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Interpretative Opinion 97-11: Contribution Limits

October 22, 1997

Ms. Dorothy A. Brizill
1327 Girard Street, NW
Washington, DC  20009-1215

Re: Website Access as Contributions to Candidates

Dear Ms. Brizill:

This responds to your request for an opinion concerning whether the provision of website access to candidates in the December 2, 1997 Special Election in the District of Columbia by DCWatch would constitute a contribution pursuant to the DC Campaign Finance Reform and Conflict of Interest Act, as amended.  Further, you ask if such access is considered a contribution to a candidate, how would these contributions be valued?

You state that DCWatch, a civic organization in the District of Columbia, is publishing on its web site campaign materials provided by candidates in the December 2, 1997 Special Election  to “promote a better public understanding and knowledge of the election and of all the candidates, and not in an effort to promote any single candidacy.”  You further state that “no funds will be expended by participating candidates or by DCWatch, and that DCWatch will incur no additional incremental cost to publish the materials on the Internet.”

DC Code § 1-1401(6)(A)(I) defines the term, contribution, to mean “[a] gift, subscription . . .,  advance, or deposit of money or anything of value, made for the purpose of financing, directly or indirectly, the election campaign of a candidate or any operations of a political committee or the campaign . . .”.  (Emphasis added).  However, DC Code § 1-1401(6)(B)(iv) excludes from the definition of a contribution, “[c]ommunications (including advertisements) to any person on any subject by any organization which is organized solely as an issue-oriented organization, which communications neither endorse nor oppose any candidate for office.”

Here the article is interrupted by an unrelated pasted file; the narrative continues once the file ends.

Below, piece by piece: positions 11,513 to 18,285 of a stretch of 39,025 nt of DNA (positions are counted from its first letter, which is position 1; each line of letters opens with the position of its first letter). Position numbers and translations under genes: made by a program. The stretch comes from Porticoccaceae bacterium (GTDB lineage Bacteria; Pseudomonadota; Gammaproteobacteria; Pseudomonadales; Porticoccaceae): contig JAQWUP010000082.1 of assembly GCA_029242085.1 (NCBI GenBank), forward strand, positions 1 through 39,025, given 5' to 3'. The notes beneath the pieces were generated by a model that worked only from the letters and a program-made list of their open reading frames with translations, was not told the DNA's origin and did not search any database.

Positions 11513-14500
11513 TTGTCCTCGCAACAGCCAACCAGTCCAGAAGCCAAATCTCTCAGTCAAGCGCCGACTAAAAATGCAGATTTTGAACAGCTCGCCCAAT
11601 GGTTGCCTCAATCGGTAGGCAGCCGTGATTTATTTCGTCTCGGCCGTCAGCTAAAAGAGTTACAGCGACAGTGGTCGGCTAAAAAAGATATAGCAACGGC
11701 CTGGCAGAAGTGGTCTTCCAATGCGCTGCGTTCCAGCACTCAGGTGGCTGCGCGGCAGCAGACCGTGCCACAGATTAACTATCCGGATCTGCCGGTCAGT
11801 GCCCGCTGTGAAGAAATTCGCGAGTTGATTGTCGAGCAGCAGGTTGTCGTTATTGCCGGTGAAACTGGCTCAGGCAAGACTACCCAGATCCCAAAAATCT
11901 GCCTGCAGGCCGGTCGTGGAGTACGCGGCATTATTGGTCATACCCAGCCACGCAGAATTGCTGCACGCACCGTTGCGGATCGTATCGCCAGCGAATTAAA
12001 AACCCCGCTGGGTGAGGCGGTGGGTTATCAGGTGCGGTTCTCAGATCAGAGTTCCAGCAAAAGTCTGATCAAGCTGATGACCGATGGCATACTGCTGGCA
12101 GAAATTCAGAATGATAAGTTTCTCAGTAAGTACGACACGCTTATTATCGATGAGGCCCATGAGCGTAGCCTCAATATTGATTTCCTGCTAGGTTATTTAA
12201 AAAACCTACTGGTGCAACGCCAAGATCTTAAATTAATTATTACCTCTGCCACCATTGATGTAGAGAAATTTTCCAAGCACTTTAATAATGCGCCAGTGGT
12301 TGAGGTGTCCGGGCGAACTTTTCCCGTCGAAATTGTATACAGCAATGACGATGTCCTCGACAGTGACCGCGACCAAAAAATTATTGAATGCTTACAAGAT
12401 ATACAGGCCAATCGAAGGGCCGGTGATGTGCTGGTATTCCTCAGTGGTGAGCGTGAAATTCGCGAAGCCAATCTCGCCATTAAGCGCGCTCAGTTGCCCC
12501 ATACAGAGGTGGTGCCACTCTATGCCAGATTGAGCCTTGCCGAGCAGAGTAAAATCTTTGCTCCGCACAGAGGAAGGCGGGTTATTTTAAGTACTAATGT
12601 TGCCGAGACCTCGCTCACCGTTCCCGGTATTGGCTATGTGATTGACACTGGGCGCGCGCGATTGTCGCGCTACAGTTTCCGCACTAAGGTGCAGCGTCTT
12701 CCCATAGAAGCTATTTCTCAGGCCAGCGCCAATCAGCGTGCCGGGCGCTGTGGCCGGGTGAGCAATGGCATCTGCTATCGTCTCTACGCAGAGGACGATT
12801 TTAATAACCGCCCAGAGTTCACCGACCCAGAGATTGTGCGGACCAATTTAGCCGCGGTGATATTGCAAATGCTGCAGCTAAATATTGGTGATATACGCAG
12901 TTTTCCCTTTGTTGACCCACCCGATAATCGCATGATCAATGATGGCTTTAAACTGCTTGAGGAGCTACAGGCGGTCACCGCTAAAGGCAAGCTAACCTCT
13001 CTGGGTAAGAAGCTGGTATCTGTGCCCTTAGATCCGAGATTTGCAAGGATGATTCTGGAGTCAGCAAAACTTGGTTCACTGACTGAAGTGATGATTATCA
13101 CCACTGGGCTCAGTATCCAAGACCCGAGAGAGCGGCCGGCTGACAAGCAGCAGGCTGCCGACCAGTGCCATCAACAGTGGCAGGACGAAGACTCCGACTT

According to your letter, DCWatch was established in the District of Columbia to model several good government organizations that exist in other jurisdictions.  You further state that the organization’s  purpose  is  not  to  promote  or  endorse  any  single candidacy.  Notwithstanding,  your explanation that costs to DCWatch for publication of candidate materials on the Internet are or will be negligible,  as a practical matter,  DCWatch has or will incur some expense by virtue of the cost of establishing and maintaining a web-site on the Internet.  Such publication, however,  is not viewed as a contribution by this Office  since the “thing of value” is not made for the purpose of financing the election campaign of a candidate, or any operations of a political committee.  You state this service is offered to all candidates for the purpose of promoting the public’s understanding of the election process, and will neither promote nor oppose any candidate for office.

Therefore, it is the opinion of the Office of Campaign Finance that the publication of candidate materials on the DCWatch website, under these circumstances, would not constitute a contribution subject to the contribution limitations.  As such, we do not reach the issue of the value of the contribution.